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This large village of about 150 houses, about 18 kilometres south-east of Suusamyr, sprawls nonchalantly in a large bowl and is a good base for hikes into the surrounding mountains. It is named after a giant of a man, 2.3 metres tall, who became a national hero because of his ability to hoist enormous stones, and even his horse, onto his shoulders simply for fun. There is a museum dedicated to Kojumkol in the middle of the village; you'll find it by the small plaque on the door and the three huge stones outside, two of which were lifted by Kojumkol and one by his father. Inside, these amazing feats become easy to credit when his size is revealed in photographs and clothes-one photograph shows his coat draped around three people with room to spare.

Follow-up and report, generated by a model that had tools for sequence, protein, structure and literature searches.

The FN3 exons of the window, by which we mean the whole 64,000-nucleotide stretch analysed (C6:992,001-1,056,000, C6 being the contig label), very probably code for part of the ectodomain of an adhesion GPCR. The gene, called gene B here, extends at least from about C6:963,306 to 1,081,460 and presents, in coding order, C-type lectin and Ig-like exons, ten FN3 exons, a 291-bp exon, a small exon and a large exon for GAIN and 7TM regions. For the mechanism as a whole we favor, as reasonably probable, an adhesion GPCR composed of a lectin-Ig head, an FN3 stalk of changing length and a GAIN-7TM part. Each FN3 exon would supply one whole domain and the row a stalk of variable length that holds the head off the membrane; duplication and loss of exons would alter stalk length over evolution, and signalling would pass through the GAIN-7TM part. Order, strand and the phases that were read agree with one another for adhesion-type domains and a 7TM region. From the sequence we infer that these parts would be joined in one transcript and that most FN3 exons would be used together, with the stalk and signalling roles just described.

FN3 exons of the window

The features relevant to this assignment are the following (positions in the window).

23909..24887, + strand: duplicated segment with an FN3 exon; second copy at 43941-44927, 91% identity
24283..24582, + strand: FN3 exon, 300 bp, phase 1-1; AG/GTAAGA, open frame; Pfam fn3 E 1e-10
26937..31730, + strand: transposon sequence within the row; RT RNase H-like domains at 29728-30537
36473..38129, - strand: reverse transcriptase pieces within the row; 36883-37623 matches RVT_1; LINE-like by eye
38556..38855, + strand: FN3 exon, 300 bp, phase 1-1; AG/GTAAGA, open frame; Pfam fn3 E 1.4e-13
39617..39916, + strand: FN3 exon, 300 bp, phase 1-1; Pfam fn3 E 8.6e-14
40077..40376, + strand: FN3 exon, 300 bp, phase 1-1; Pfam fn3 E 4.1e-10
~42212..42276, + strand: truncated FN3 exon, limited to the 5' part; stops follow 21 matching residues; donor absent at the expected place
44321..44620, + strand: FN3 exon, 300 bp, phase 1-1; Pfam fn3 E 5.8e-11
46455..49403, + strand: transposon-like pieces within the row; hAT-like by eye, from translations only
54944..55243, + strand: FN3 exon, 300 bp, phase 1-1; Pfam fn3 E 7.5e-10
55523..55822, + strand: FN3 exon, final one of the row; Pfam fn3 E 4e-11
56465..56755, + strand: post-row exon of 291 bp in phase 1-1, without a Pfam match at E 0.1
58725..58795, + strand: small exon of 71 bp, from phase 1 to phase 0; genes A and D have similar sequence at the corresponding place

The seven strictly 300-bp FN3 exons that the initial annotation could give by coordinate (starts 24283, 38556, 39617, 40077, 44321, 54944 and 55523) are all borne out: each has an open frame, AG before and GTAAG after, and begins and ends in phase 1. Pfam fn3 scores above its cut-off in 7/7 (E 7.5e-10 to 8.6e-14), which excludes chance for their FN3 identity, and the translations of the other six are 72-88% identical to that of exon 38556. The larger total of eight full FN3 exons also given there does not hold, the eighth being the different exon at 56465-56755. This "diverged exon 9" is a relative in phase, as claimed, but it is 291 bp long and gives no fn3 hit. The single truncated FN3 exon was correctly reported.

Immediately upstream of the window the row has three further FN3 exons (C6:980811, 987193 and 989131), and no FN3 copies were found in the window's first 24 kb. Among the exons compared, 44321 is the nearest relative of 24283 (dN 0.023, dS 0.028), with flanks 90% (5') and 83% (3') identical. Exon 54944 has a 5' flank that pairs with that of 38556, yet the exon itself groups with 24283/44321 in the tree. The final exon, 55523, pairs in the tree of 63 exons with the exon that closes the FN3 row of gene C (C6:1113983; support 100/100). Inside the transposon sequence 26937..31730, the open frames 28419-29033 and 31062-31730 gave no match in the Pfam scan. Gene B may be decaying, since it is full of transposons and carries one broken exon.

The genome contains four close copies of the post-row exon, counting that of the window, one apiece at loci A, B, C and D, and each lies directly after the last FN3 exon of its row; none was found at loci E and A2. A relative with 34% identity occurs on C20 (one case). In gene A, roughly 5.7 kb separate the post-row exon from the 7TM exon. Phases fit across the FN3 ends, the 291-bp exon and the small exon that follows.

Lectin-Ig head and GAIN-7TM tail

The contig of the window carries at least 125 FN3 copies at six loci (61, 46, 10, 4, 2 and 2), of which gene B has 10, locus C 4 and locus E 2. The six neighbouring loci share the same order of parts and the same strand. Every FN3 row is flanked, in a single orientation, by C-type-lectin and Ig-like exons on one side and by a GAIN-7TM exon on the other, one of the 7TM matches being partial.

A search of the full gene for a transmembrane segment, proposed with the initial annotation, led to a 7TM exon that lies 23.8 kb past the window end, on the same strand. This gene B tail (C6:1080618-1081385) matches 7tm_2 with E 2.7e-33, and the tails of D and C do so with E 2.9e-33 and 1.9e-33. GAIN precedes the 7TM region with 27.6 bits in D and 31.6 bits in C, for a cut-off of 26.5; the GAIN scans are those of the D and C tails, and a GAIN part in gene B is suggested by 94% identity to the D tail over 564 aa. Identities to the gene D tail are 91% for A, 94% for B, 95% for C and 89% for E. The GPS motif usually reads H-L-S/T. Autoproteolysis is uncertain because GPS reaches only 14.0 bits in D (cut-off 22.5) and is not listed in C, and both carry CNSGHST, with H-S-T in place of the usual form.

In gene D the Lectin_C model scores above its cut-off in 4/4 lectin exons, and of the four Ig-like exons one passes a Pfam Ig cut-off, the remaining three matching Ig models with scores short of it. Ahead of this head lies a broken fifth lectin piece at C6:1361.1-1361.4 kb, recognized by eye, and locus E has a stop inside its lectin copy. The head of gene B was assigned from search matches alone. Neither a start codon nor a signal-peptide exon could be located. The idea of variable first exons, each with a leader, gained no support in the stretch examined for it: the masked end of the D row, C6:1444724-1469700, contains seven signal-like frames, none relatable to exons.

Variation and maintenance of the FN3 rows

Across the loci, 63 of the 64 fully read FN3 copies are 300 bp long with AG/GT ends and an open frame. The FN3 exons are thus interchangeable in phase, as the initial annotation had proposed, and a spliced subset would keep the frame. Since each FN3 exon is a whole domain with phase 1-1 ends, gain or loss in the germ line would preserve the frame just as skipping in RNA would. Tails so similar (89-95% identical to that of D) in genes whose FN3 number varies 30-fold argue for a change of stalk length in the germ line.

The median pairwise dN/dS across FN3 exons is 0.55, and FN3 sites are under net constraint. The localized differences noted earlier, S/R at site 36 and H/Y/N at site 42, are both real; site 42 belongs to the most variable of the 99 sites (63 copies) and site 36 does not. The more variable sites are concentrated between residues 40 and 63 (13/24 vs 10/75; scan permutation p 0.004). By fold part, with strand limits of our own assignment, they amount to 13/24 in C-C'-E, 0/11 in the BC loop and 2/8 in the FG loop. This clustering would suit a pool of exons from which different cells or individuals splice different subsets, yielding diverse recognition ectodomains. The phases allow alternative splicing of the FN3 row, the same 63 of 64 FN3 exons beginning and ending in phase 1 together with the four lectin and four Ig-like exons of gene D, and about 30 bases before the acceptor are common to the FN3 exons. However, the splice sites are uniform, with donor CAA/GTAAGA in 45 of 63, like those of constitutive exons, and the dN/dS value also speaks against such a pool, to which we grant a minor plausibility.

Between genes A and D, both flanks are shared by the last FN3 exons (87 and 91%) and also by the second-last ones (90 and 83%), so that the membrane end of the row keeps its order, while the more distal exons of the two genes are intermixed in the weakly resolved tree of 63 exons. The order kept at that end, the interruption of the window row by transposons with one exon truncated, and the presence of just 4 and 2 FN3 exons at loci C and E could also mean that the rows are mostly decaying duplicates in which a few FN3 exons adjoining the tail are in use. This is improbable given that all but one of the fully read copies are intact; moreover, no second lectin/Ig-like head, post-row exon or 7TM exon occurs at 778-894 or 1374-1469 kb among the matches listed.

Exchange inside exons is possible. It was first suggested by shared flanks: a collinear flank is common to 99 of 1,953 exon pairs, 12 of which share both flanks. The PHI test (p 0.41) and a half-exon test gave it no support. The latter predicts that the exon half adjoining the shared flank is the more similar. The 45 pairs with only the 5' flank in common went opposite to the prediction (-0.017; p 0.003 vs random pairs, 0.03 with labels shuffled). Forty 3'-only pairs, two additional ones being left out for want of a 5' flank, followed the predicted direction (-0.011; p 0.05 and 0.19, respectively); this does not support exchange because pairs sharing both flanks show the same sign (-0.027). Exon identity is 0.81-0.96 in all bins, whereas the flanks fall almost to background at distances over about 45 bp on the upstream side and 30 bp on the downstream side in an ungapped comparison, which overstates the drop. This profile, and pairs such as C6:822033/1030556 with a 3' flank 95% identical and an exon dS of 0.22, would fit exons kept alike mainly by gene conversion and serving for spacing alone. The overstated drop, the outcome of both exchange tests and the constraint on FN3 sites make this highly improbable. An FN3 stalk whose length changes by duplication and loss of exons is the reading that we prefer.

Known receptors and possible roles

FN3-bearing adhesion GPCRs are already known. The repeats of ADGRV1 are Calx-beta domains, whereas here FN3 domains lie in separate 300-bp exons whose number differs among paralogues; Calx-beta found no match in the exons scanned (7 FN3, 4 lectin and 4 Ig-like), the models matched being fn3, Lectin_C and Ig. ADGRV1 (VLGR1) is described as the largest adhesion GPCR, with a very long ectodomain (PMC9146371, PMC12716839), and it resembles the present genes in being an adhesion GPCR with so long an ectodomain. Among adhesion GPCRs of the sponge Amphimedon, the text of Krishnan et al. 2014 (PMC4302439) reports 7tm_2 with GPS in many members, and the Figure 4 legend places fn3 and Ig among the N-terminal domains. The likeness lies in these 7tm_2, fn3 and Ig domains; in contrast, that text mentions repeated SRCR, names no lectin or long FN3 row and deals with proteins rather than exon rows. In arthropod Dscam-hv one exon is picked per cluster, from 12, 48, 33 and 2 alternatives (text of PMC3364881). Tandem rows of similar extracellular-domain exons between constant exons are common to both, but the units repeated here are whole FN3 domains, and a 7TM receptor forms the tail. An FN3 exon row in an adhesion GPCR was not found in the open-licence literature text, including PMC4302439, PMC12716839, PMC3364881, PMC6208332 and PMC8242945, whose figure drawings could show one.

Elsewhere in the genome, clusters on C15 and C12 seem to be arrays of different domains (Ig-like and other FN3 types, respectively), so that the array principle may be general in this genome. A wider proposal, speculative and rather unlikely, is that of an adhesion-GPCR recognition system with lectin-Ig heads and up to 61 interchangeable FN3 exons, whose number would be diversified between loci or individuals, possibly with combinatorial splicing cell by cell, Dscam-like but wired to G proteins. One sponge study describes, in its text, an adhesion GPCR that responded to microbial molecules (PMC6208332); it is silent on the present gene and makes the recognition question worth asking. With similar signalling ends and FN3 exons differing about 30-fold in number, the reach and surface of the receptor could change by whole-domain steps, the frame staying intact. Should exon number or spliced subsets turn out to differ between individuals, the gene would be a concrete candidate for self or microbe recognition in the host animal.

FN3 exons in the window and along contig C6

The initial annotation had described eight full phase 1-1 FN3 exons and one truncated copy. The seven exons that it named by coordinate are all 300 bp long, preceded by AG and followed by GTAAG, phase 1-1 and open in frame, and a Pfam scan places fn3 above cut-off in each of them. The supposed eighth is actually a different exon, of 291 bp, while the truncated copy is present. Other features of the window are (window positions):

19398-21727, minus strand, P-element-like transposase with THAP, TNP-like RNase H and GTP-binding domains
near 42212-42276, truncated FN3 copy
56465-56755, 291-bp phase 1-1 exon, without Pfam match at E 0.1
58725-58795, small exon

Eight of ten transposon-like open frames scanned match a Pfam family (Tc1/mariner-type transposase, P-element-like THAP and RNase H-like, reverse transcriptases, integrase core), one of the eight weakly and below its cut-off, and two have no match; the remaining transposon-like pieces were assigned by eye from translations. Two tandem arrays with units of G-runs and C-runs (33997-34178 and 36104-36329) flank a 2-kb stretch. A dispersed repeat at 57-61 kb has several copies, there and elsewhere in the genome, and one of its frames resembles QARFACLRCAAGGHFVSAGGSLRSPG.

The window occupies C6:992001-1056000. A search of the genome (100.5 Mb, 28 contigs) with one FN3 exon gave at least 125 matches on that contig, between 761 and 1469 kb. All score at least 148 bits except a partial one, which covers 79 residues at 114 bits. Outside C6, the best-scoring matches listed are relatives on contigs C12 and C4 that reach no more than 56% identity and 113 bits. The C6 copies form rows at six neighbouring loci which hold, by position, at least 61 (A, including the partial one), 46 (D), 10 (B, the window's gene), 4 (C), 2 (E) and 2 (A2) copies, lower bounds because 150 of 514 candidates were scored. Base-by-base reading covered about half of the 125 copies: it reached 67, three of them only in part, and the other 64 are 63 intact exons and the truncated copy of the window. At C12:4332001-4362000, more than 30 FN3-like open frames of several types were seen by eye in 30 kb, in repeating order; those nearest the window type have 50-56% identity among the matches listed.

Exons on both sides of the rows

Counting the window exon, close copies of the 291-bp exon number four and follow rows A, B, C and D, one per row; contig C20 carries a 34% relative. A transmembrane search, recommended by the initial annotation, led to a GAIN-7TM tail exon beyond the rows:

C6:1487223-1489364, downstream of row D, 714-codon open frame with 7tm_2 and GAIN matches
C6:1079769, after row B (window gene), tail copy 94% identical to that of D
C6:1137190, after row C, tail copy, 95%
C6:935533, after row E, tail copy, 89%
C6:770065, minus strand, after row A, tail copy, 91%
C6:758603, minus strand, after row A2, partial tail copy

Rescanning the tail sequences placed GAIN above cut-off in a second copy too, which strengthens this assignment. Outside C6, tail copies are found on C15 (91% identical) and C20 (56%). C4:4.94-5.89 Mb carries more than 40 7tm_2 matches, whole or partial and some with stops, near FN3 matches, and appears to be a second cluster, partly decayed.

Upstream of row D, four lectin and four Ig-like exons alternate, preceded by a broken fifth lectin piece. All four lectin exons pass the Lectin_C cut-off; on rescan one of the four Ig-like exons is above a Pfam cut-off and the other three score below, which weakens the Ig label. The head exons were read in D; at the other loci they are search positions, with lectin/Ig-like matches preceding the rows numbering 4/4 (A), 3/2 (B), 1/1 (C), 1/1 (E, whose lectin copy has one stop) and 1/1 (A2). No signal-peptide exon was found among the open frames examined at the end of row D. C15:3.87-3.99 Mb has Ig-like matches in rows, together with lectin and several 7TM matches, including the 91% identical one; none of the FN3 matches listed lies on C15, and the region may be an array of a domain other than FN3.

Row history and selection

Villagers believe the spirit of Kojumkol, who lived from 1889 to 1955, still protects them. In 1992, when the Suusamyr valley was hit by a major earthquake, reaching nine on the Richter scale, many houses in Kojumkol were seriously damaged but no one died. Local people say that was because Kojumkol's grave on the hill above the village was the first to collapse, proof that he was still taking care of them.
His grave, which was rebuilt in 1996-97 by the grateful village administration, is behind the war memorial in the centre of the village, in a grand white domed mausoleum. The white votive rags are left to entice good luck.

On the road to Kyzyl Oi, another example of Kojumkol's superhuman strength may be seen at an elaborate, but broken down, yurt-shaped grave of a local dignitary. The large stone next to it, which according to its plaque weighs 690 kilograms, was carried there by Kojumkol in honour of the dead man.